Juries in California and around the country tend to find evidence provided by forensic experts to be extremely compelling, and criminal defendants are often convicted based largely on their testimony. Juries may be surprised to learn that the science supporting criminal forensic procedures is far from perfect. A team of researchers from the U.S. National Academy of Sciences looked into the way forensic evidence is gathered and processed in the United States, and they discovered problems with virtually every technique they scrutinized.
The NAS study, which was published in 2009, highlighted deficiencies in the way forensic scientists analyze fibers, hairs, fingerprints and bite marks. However, its most scathing criticism was reserved for blood pattern analysis. This is a technique forensic scientists use to determine what happened at a crime scene based on blood splatters, smears, and drips. The NAS researchers concluded that the science behind BPA is less than rigorous, and its practitioners lack accreditation and training.
According to the study, BPA experts are not required to meet strict educational standards and provide subjective opinions that have little scientific merit. The researchers concluded that BPA, as a discipline, was shrouded in uncertainty. These criticisms were echoed in 2016 by a panel of scientists from the president's Council of Advisors on Science and Technology and in 2018 by experts from the Texas Forensic Science Commission.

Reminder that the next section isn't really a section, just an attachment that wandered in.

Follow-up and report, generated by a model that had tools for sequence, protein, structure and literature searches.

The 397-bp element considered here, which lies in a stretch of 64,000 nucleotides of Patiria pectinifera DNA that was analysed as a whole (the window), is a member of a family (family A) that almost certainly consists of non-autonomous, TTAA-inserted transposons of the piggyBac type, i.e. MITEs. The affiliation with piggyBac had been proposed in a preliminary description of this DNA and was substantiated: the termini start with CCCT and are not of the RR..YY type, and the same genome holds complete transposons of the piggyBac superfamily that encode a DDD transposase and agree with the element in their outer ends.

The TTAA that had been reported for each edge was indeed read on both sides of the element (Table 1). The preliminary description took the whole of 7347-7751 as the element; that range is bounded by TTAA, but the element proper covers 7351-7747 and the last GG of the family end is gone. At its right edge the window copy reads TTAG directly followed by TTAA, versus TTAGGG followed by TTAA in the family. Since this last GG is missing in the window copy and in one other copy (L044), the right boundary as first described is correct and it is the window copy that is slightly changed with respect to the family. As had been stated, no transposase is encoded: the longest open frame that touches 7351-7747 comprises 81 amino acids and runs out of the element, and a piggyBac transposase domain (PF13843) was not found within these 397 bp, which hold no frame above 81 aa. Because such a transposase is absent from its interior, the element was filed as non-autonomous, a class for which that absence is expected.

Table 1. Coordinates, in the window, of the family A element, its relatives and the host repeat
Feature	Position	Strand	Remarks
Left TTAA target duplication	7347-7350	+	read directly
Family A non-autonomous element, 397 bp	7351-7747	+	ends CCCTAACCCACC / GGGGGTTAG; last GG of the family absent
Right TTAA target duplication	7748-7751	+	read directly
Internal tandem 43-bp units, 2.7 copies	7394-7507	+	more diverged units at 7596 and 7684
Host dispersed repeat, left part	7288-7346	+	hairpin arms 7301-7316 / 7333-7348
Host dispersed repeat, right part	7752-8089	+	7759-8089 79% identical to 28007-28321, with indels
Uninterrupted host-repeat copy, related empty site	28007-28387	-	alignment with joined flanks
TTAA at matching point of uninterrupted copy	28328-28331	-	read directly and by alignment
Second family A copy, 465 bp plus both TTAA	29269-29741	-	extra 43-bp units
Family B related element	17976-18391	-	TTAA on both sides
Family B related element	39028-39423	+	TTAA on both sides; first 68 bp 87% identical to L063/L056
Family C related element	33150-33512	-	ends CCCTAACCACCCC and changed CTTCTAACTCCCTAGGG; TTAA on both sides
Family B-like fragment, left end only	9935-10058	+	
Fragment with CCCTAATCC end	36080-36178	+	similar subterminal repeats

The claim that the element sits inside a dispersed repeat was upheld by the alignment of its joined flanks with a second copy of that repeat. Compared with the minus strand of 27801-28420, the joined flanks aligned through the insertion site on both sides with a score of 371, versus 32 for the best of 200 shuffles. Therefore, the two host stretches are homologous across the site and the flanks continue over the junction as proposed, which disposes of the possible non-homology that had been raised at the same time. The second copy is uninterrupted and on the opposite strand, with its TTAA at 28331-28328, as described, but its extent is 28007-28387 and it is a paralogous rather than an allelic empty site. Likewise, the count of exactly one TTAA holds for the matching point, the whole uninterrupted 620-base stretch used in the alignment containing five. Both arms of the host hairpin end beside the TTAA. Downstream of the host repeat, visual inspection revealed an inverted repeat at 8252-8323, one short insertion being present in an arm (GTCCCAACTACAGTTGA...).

Experienced criminal defense attorneys may be familiar with the uncertainty surrounding forensic techniques, and they could call on experts of their own to inform juries about studies that have raised questions about these methods. Lawyers could also make these points during plea negotiations when the cases against their clients are based on forensic evidence. In these situations, attorneys could urge prosecutors to reduce the charges against their clients in return for quick resolutions and successful outcomes.